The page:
5 Questions to Ask When Hiring A KS2 English Tutor28/11/2023 / English Tuition
Key Stage 2 is a pivotal time for young students, covering years 3 – 6. At the start of Key Stage 2, children are still not far from the beginning of their schooling journey. By the end of Key Stage 2, they face exams like the SATs and possibly the 11+ with high school on the horizon.
So, it’s very understandable why parents of children in this age group might start thinking about hiring a KS2 English tutor. English tuition at this stage can help firm up children’s grasp of the foundational skills they’ll need for the rest of schooling, ensuring they’re well prepared for the secondary education to come.
Children in Year 3 to 6 who are shy or anxious in lessons might also benefit from the confidence boost that comes from private tuition. And if a student is aiming to take the 11+ exam, a KS2 English tutor can soothe exam nerves and give a child the boost they might need to get into the school they really want.
However, once you’ve made the decision to seek out a KS2 English tutor, you might find yourself considering how to ensure you’re getting just the right tutor for your child. You don’t want to waste your child’s time and energy on tuition that isn’t productive, after all. You might wonder:
- What qualities are important in a tutor?
- What should I look for in a tutoring session?
- And do I need a KS2 tutor near me, or should I opt for online tuition?
If you’re pondering any of these questions, worry not! We’ve compiled a list of 5 important questions to ask your KS2 English tutor to help you find tuition that will help your child achieve their learning goals – and perhaps have some fun, too.
1. Are you a qualified teacher?
If you’ve been searching online for a tutor, you might have seen postings from graduate students, undergraduates or even sixth formers advertising their English tutoring services. You might have even seen English tutoring services on Gumtree!
Needless to say, these options just won’t work. Good teaching is a very complex skill. It requires lots of different capabilities, but there are two elements that you absolutely must have in a tutor:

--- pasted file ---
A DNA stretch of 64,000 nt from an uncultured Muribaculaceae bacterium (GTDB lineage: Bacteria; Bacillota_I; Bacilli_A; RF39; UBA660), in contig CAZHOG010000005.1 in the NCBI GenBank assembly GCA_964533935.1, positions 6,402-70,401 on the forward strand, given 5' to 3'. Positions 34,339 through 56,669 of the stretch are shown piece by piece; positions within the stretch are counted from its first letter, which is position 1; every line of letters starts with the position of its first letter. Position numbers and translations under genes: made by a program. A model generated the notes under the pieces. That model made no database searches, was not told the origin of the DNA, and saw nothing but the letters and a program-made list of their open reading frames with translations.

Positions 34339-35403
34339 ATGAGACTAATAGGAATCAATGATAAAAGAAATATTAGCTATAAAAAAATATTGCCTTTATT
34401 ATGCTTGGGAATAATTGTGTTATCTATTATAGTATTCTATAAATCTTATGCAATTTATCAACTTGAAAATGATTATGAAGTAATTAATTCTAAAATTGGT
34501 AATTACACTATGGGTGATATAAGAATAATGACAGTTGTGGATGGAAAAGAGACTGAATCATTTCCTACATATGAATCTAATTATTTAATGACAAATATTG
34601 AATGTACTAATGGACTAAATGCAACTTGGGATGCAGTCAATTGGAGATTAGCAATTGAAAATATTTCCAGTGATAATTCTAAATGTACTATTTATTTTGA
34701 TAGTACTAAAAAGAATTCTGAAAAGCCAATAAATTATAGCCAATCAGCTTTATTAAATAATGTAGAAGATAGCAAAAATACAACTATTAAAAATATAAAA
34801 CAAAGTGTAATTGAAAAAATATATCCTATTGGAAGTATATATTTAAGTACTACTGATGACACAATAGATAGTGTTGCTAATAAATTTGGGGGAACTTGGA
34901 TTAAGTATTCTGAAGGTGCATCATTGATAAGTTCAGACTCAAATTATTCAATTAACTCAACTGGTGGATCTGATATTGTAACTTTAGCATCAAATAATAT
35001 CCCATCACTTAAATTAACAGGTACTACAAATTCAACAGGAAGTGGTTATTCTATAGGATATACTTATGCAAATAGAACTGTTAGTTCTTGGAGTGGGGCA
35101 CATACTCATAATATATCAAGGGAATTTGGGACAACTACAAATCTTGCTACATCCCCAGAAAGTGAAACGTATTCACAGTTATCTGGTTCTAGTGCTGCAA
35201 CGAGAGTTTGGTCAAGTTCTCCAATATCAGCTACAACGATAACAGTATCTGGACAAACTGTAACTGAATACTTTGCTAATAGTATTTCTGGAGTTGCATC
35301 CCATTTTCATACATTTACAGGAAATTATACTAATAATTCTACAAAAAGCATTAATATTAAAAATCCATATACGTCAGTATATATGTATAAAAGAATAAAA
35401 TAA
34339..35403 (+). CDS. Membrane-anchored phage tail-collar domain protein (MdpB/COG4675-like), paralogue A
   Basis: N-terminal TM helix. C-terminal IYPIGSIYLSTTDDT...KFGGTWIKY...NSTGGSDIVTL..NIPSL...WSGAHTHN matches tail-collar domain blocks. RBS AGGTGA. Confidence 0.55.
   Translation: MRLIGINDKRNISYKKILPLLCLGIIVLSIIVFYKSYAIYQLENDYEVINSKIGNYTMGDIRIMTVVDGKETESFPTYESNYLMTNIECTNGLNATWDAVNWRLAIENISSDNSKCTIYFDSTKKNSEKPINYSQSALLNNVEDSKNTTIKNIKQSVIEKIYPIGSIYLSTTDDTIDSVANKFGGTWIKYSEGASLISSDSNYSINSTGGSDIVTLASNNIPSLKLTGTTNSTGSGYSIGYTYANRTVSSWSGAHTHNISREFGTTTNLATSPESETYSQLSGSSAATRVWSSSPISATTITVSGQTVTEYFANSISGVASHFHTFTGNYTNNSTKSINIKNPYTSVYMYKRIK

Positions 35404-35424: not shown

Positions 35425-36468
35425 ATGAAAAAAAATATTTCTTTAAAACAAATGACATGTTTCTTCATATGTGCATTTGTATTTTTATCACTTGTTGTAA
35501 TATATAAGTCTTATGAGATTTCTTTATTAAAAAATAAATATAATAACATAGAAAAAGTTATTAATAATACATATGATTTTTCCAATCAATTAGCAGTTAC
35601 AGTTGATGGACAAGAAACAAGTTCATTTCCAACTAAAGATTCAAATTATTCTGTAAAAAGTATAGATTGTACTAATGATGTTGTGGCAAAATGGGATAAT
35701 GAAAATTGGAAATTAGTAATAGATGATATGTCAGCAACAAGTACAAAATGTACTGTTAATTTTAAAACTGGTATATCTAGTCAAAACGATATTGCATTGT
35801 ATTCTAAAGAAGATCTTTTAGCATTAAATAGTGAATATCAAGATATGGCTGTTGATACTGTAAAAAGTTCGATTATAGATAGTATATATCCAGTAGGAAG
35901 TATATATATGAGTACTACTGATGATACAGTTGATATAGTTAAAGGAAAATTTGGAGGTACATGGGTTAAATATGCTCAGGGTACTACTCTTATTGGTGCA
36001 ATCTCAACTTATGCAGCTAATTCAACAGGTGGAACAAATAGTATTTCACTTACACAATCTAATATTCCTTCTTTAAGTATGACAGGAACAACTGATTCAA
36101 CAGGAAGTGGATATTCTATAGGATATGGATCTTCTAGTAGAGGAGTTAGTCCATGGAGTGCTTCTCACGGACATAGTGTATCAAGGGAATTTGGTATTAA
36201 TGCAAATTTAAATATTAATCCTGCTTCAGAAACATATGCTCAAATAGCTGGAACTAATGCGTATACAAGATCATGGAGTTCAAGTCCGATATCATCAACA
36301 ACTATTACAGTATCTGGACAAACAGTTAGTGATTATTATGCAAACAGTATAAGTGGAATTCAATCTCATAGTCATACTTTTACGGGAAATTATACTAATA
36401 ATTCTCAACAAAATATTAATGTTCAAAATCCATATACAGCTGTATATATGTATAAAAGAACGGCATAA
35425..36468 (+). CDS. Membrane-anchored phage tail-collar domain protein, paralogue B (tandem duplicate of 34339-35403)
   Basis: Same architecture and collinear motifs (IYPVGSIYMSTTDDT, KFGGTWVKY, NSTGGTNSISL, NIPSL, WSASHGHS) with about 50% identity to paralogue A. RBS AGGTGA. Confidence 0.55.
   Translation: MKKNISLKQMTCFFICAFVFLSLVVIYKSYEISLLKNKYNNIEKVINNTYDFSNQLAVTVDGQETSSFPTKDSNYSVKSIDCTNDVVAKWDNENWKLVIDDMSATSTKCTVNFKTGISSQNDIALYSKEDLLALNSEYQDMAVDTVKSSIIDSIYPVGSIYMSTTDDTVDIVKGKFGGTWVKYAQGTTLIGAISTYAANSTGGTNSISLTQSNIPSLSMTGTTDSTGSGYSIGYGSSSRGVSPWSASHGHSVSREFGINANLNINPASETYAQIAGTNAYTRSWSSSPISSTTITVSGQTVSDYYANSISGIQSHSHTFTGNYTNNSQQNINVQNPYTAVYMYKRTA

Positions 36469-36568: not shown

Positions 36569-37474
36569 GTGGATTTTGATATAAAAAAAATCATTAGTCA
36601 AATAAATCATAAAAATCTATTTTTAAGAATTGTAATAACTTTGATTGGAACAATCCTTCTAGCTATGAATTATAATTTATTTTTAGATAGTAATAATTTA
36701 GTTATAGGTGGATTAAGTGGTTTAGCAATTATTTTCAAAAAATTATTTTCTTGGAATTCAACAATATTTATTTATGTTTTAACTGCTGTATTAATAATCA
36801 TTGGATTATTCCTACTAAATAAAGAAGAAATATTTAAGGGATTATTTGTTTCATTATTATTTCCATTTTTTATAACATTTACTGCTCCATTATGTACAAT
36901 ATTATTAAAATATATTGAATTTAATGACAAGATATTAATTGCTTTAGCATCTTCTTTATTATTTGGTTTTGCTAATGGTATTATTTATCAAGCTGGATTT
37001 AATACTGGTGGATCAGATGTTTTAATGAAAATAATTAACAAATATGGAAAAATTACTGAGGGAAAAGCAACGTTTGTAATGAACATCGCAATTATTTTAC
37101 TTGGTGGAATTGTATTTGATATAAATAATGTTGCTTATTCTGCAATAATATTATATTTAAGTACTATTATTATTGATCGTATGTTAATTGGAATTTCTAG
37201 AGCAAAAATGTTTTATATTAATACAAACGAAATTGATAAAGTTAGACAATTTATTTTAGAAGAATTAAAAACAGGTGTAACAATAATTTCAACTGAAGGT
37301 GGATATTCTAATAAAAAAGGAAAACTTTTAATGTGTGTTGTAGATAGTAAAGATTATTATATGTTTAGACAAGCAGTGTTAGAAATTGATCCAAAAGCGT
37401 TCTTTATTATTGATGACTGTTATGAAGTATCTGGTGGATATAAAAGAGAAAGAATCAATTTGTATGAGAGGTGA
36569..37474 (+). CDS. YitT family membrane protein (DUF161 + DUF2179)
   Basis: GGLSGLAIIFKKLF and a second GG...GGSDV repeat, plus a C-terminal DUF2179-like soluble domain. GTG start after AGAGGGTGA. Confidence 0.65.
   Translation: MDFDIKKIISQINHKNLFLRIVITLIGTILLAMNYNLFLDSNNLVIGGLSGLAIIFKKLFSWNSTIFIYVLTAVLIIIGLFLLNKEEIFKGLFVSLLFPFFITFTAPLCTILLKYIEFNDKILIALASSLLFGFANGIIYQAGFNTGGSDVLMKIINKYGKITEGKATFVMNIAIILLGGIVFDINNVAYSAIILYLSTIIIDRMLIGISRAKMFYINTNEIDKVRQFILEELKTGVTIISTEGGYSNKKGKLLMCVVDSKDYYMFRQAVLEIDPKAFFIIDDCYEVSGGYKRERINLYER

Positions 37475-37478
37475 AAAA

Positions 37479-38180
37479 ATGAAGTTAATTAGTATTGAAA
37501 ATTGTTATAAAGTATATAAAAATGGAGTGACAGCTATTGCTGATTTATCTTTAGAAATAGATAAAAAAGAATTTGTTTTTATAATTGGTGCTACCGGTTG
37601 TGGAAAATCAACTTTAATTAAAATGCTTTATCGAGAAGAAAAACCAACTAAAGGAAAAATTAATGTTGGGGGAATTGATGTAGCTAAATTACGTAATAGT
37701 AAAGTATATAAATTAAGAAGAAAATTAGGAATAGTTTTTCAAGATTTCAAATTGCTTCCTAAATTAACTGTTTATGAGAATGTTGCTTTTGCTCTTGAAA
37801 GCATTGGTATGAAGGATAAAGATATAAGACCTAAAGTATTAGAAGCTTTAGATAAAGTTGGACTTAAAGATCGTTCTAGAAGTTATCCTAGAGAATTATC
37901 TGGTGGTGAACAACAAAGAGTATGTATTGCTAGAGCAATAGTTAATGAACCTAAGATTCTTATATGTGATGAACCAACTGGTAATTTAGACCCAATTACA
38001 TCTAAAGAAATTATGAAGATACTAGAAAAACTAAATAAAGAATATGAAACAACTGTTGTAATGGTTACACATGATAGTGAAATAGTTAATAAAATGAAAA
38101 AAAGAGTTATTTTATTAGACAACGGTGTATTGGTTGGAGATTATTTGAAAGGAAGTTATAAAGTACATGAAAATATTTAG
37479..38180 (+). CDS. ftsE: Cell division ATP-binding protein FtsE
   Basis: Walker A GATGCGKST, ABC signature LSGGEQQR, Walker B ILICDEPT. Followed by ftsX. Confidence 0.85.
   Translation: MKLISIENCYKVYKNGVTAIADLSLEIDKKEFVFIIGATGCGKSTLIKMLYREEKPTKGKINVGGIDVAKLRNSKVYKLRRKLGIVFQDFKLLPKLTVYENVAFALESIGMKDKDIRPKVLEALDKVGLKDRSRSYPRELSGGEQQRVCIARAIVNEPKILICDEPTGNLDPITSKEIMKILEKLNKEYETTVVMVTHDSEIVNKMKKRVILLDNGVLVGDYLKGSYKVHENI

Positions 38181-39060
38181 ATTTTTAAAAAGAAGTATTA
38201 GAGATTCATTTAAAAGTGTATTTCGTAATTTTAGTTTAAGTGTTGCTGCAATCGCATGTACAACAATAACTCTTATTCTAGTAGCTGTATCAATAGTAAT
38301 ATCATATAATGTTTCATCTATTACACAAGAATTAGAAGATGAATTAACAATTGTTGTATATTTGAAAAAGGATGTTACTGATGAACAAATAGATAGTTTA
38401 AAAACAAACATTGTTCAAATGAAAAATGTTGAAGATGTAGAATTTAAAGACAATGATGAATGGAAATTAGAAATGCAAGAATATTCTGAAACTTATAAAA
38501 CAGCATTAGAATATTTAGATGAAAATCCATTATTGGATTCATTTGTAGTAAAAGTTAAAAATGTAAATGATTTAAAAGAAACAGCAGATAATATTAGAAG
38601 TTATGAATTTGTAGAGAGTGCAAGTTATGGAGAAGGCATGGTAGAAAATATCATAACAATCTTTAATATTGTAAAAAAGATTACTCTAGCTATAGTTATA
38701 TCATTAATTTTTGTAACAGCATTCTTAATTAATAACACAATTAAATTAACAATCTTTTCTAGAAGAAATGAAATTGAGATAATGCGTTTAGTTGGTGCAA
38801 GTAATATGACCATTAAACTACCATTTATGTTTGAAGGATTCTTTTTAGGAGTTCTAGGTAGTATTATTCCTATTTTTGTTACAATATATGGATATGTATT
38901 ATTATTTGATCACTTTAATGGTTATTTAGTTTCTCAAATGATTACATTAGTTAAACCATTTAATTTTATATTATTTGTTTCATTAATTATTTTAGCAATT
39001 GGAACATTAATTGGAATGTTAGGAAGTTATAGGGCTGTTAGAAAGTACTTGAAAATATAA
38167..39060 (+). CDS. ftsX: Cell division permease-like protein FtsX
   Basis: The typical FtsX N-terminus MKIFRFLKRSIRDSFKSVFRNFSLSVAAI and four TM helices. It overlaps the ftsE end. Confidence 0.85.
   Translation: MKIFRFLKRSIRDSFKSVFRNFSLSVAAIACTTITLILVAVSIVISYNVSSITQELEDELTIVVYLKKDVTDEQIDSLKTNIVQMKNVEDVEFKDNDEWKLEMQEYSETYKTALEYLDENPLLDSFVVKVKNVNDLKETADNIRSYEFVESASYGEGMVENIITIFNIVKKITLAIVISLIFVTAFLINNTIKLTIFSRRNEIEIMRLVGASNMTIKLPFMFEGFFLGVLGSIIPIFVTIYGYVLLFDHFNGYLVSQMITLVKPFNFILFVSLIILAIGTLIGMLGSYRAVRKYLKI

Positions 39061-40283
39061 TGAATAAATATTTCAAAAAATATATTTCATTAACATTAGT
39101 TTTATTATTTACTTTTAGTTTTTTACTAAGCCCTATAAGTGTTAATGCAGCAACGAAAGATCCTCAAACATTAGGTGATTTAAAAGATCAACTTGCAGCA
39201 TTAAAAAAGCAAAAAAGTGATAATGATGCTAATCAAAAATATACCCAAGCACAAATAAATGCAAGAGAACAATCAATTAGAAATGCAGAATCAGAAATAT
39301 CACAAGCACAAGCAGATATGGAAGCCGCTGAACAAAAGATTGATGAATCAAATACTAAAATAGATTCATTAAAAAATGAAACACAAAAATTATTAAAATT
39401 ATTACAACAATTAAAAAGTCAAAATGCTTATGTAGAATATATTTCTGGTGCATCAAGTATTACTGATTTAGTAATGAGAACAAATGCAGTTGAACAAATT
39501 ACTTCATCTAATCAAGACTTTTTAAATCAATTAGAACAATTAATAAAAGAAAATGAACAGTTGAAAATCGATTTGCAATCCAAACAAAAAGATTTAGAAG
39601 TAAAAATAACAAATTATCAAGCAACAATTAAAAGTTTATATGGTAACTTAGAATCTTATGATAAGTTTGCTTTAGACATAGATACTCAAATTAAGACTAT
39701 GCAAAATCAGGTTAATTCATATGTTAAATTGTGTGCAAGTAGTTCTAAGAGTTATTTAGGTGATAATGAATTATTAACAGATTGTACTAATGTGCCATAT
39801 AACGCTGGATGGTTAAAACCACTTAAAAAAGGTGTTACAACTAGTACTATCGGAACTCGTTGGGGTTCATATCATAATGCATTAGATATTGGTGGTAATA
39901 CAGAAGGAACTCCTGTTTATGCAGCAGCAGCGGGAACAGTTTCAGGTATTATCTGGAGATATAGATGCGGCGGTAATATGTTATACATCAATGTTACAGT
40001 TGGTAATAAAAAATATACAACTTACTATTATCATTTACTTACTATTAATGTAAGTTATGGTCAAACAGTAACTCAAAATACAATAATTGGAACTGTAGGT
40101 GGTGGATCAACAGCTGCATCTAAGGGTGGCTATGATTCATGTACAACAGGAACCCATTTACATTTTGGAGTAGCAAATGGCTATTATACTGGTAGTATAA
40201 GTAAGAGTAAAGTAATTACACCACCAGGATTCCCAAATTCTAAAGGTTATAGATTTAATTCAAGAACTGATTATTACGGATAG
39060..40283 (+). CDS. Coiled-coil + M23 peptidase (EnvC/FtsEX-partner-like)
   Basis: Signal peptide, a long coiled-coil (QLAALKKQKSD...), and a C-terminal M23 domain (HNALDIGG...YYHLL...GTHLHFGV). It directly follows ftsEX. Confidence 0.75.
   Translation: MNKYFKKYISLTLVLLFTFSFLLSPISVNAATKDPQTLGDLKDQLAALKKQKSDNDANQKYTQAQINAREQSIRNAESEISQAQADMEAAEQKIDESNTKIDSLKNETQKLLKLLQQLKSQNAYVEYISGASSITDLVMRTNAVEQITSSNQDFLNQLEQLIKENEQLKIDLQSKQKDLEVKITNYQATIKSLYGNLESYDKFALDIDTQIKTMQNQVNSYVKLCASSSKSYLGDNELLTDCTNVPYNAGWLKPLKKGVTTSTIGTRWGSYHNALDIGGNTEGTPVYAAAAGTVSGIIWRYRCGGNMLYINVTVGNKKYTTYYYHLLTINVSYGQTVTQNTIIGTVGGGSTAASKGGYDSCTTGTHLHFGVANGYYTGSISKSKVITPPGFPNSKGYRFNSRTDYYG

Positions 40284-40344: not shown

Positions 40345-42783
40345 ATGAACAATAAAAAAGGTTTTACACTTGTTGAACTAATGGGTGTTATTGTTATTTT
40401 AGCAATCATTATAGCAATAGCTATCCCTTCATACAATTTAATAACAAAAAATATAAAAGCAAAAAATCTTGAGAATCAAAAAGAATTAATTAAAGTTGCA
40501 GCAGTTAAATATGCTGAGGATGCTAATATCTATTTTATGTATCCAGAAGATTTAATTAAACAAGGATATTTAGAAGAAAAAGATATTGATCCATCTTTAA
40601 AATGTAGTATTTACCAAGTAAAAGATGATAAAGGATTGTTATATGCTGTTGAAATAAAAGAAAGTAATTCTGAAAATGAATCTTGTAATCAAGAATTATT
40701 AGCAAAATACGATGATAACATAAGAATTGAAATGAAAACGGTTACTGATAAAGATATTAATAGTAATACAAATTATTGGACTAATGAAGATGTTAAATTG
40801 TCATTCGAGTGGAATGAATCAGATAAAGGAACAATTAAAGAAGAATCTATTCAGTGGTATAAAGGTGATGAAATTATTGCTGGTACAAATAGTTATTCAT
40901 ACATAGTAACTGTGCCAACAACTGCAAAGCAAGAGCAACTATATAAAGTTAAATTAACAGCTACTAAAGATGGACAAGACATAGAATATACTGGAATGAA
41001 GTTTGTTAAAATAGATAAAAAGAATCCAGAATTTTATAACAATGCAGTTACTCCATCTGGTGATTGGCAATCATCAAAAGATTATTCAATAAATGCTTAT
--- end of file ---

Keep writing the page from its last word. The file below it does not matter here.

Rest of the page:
- Subject matter knowledge
- Pedagogical knowledge
This means that the tutor needs to know about Key Stage 2 English, and they need to know how to teach it. In other words, they need to know about education theory, different ways of teaching a subject, how children’s minds learn, ways of adapting the material for students with special educational needs or disabilities, and much more.
No matter how much a tutor knows about English, if they don’t have the second piece, the knowledge about teaching itself, then they’re not a good tutor for you.
And if the tutor is a sixth former or a university student, they’re not even that likely to remember what Year 4 English was all about. What’s the expected reading pace for a student of that age? What vocabulary words are too hard? What skills does Year 4 English focus on?
The bottom line is – you really need a qualified teacher.
2. How much experience do you have with the curriculum my child is learning?
So, you know that you need a tutor with teaching credentials. But that’s not enough. Experience under the belt is important too.
A teacher fresh out of teacher training might know all of the elements we’ve mentioned in point 1, but teachers learn a lot on the job as well. A teacher who’s taught the English Year 5 curriculum for years will have familiarity with how children respond to it. What parts of texts do students of this age often find hard? What methods really worked to help children understand the skills expected of them? That’s a huge help to them when they’re tutoring your child.
In contrast, a qualified teacher with lots of experience with a curriculum from outside the UK, such as one from the USA, won’t have that familiarity with the particular details of your child’s curriculum. For example, for Years 3 and 4, the English national curriculum says that students should be able to “apply their growing knowledge of root words, prefixes and suffixes (etymology and morphology).” There’s no guarantee that another curriculum requires students to know root words, prefixes and suffixes at this stage.
Or perhaps another curriculum requires students to know these topics in greater depth than your child’s curriculum requires. Either way, you could get a mismatch between what’s being taught in tutoring sessions and what your child is learning in school.
3. What is your typical tutoring session like?
So far, we’ve covered the two absolutely crucial requirements for a KS2 English tutor. Now, let’s get into some finer details.